Every major trend line shows that remote work allows employees to be more productive and employers to save money. So why is the federal government having everyone come back into the office? And should you consider the same?
Telework, or remote work, has a complicated reputation in the modern age.
Well-established companies—for example, the digital publication Ars Technica and the tech firm Automattic—have functioned effectively for years without having much in the way of actual offices. This is in part thanks to improvements in collaborative tools that have made the technology more accessible than ever.
But those with a more old-school mindset might see things differently. A case in point is the federal government, where a robust push toward telework during the Obama administration is now being rolled back under President Donald Trump, as leaders who like to see their employees in the office have taken charge.
“The about-face began at the Agriculture Department in 2018, after Secretary Sonny Perdue was angry to discover that an employee he needed to meet with was working from home, according to three administration officials,” The Washington Post reported last month. “In response, he slashed by half a robust program used by tens of thousands of employees.”
Since then, numerous other agencies have followed suit—even though, as Forbes contributor Laurel Farrer noted, the telework program has been, according to the federal government’s own Status of Telework in the Federal Government reports, very successful.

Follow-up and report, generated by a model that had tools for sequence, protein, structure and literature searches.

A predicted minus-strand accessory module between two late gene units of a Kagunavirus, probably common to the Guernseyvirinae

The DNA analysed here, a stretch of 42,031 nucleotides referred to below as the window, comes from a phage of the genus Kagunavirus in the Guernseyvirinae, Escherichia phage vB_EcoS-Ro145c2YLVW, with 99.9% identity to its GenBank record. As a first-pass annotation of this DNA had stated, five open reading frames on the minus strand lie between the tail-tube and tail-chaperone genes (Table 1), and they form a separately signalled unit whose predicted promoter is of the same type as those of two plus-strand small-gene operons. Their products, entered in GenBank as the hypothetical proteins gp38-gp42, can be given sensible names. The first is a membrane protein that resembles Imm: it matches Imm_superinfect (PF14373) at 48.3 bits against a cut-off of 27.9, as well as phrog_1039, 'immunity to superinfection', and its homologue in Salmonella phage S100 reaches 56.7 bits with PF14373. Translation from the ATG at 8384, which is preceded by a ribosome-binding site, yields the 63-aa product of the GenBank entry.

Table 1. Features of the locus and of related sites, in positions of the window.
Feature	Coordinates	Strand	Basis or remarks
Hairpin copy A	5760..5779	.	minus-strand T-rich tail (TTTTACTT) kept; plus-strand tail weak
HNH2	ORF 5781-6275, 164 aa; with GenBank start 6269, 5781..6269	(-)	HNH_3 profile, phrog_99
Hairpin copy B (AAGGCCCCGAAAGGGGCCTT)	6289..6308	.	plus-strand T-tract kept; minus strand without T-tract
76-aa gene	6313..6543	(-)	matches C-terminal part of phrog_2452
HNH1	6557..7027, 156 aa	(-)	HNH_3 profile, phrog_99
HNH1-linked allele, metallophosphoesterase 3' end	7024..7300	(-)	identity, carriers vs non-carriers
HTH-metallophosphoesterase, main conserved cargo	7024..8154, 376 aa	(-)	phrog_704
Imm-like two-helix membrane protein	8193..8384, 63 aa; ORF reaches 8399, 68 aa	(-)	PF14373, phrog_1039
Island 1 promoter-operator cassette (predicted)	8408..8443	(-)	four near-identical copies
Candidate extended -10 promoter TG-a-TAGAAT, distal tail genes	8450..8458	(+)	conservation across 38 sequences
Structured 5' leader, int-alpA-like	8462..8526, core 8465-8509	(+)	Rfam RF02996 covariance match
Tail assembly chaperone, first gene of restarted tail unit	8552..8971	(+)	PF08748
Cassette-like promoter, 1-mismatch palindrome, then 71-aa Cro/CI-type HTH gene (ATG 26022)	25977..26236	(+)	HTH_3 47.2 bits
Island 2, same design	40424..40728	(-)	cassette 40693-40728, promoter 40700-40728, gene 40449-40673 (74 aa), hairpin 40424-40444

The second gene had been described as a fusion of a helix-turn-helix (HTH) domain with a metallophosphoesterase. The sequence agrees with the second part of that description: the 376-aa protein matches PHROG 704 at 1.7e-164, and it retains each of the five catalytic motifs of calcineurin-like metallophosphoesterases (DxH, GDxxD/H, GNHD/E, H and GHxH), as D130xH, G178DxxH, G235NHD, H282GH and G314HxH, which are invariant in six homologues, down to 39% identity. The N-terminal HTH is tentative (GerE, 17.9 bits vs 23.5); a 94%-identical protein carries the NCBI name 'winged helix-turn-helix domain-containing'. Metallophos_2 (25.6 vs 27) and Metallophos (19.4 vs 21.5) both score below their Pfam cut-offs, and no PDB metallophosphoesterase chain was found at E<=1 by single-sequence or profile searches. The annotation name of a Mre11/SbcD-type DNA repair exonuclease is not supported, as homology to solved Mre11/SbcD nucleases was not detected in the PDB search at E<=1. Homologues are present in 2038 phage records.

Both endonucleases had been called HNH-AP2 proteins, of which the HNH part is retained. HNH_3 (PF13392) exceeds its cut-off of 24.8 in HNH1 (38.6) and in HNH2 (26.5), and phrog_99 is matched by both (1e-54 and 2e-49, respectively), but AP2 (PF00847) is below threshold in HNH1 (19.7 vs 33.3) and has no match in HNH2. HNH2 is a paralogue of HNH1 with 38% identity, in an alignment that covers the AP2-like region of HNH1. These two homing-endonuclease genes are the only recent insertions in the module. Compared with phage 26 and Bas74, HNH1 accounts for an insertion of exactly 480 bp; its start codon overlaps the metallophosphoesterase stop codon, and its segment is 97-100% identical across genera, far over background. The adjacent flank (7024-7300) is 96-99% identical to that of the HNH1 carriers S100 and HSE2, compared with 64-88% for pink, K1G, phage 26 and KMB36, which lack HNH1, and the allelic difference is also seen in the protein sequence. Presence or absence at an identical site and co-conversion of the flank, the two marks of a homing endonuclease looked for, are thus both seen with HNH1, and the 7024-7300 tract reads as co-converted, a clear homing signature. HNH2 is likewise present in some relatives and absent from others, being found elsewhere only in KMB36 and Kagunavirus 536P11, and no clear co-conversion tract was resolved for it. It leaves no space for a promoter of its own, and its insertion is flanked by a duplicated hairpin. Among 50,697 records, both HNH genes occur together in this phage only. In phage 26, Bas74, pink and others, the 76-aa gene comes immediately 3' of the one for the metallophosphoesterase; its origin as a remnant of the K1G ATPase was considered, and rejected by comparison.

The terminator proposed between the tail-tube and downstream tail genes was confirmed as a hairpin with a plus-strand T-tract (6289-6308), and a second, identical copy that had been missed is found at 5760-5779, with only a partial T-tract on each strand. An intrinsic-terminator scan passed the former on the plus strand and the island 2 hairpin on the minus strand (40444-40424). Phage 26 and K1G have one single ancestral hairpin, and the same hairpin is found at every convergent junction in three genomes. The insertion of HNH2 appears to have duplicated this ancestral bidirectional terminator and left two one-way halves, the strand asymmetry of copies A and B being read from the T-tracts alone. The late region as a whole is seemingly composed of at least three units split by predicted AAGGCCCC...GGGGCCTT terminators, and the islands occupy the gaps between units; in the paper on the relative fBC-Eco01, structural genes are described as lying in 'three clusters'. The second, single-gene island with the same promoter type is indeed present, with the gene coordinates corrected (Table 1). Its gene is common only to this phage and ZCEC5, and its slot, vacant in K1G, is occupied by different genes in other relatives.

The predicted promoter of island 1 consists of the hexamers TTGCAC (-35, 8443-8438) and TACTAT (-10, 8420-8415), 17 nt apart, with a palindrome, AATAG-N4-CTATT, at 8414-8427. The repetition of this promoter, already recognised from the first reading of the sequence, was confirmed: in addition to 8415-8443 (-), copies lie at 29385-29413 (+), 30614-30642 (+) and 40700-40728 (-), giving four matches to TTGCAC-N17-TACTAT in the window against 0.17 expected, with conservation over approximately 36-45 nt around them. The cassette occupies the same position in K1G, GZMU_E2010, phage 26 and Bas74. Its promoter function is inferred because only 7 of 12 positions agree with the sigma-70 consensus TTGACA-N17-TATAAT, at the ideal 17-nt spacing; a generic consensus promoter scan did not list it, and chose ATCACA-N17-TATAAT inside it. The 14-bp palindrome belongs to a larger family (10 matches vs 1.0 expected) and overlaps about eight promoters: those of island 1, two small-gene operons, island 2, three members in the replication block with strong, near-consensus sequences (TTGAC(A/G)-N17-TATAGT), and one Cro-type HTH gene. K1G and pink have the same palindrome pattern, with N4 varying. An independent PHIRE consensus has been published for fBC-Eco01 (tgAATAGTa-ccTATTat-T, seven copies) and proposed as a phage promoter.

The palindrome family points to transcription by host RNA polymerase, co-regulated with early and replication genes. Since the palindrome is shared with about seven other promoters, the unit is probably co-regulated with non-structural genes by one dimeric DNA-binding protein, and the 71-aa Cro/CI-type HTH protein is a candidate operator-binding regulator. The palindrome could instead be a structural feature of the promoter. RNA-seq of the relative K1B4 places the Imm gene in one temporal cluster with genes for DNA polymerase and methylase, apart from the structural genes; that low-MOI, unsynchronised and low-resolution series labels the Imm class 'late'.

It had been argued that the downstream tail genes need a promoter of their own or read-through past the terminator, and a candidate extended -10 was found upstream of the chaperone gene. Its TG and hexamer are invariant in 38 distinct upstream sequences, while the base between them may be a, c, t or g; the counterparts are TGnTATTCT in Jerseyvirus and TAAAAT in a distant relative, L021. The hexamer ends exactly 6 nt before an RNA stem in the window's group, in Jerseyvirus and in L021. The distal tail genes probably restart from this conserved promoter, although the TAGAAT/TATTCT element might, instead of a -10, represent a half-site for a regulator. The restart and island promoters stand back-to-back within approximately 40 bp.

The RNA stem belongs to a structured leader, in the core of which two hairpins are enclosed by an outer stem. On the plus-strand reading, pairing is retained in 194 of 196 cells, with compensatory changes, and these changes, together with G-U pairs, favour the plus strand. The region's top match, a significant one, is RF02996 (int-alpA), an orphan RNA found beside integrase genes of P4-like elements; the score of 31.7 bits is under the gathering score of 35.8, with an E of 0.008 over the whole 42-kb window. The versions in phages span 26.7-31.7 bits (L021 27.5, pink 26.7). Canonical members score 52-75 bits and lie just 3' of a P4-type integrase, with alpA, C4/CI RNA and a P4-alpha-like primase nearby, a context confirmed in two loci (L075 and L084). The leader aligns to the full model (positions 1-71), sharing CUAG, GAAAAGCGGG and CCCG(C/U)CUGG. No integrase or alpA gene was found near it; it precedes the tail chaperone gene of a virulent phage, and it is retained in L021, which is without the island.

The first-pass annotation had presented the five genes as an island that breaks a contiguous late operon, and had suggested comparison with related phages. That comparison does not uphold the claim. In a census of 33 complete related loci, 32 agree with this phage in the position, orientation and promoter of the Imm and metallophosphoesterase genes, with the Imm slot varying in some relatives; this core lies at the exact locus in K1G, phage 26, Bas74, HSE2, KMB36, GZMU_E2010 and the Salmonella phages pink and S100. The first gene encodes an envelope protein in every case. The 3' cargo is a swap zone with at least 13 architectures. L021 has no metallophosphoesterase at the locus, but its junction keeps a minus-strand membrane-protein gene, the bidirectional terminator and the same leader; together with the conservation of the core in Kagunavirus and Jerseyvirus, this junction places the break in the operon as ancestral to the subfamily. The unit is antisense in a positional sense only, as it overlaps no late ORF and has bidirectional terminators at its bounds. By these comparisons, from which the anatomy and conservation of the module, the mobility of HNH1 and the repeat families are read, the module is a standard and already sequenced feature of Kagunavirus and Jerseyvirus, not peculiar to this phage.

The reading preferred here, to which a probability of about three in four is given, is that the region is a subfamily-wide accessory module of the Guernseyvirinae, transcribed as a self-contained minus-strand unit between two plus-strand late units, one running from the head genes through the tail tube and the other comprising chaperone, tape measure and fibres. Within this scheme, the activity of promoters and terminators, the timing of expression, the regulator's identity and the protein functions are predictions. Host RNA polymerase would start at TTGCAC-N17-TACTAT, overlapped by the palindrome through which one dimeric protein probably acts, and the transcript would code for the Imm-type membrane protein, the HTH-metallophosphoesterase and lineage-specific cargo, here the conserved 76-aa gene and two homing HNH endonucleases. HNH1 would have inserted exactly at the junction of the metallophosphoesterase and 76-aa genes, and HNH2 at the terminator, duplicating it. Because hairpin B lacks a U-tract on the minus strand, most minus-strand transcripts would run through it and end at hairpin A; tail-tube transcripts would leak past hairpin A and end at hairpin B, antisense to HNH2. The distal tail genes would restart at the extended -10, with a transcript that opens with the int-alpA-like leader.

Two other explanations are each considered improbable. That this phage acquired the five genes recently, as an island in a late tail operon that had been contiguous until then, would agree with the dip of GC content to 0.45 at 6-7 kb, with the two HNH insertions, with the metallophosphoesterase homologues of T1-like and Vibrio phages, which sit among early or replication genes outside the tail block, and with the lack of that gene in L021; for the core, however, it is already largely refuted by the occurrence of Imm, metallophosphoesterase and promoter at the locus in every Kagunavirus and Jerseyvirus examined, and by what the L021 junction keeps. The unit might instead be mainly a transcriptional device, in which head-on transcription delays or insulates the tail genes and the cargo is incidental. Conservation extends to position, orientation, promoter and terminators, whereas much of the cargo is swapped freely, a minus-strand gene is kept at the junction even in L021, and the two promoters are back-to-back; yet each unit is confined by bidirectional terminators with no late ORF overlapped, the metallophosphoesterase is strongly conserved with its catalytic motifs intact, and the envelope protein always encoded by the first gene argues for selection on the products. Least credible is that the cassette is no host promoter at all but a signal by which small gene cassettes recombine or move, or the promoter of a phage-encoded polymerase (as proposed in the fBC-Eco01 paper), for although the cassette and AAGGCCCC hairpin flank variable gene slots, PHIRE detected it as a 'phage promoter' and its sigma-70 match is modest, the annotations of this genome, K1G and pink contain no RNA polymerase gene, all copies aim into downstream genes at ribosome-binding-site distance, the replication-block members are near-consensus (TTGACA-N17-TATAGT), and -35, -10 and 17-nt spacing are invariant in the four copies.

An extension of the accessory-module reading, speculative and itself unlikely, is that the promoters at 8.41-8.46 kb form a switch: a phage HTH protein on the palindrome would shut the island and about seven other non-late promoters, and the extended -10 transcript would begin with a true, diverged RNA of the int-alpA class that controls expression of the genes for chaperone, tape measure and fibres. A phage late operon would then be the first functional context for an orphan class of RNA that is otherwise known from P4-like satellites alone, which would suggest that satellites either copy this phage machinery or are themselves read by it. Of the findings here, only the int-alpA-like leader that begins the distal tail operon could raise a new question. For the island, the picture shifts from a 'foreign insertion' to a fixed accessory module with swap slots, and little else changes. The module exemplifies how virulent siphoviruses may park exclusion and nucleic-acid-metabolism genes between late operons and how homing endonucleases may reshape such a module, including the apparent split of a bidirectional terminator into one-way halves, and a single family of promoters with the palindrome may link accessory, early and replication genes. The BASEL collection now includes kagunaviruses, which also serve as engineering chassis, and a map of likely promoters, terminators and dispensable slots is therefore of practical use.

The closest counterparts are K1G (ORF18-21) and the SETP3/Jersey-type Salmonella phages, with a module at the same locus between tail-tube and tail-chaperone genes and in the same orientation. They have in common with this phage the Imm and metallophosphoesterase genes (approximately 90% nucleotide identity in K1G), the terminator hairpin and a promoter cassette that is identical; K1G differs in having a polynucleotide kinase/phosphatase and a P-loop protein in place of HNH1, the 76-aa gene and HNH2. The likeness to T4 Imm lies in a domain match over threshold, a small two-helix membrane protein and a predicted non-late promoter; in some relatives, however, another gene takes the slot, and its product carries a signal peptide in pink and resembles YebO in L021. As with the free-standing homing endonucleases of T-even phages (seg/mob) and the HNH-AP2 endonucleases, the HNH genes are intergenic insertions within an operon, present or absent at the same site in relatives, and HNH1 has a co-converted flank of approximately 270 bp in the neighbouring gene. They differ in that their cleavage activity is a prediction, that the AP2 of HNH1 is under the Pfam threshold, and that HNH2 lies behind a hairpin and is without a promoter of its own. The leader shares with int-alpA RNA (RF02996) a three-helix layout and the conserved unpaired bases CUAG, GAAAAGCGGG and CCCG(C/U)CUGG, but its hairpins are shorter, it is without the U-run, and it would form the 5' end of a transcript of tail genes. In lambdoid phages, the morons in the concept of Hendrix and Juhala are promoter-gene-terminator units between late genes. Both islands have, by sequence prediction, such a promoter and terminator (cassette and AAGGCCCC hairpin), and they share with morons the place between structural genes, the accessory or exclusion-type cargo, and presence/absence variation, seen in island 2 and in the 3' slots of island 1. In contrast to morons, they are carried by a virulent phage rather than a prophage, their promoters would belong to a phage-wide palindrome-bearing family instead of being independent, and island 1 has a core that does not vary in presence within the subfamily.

“Retracting federal telework policies may cause irreversible damage to the accessibility, efficacy, and sustainability of government jobs, not to mention the ripple effects in the rest of the state agencies and national workforce,” Farrer wrote.
If the federal government is going that way, most other employers are not—at least not yet. Speaking to Ars Technica recently, Society for Human Resource Management President and CEO Johnny C. Taylor said today’s labor market greatly favors employees, and the option to work from home is an employee-friendly offering.
“The advantages [of telework] are many,” Taylor said. “It’s a good thing for several reasons from the employer’s perspective in a very tight labor market.”
And new factors might force the government’s hand (and yours) anyway. While the Wuhan coronavirus hasn’t made major inroads in the U.S., it has begun to affect how federal agencies are thinking about telework. According to Federal News Network, agencies are being encouraged by the Office of Personnel Management’s Chief Human Capital Officers Council to have a plan that allows employees to work remotely if a need to contain the spread of the virus arises.
Additionally, some cities—such as the spread-out Atlanta—have grown into telework hubs essentially as a way to work around awkward commutes.
Maybe your association’s management likes to keep people in the cubicles to ensure work is getting done, or maybe not. But the fact that the federal government is grappling with this issue anew reflects that it may be a while before the status of telework is settled.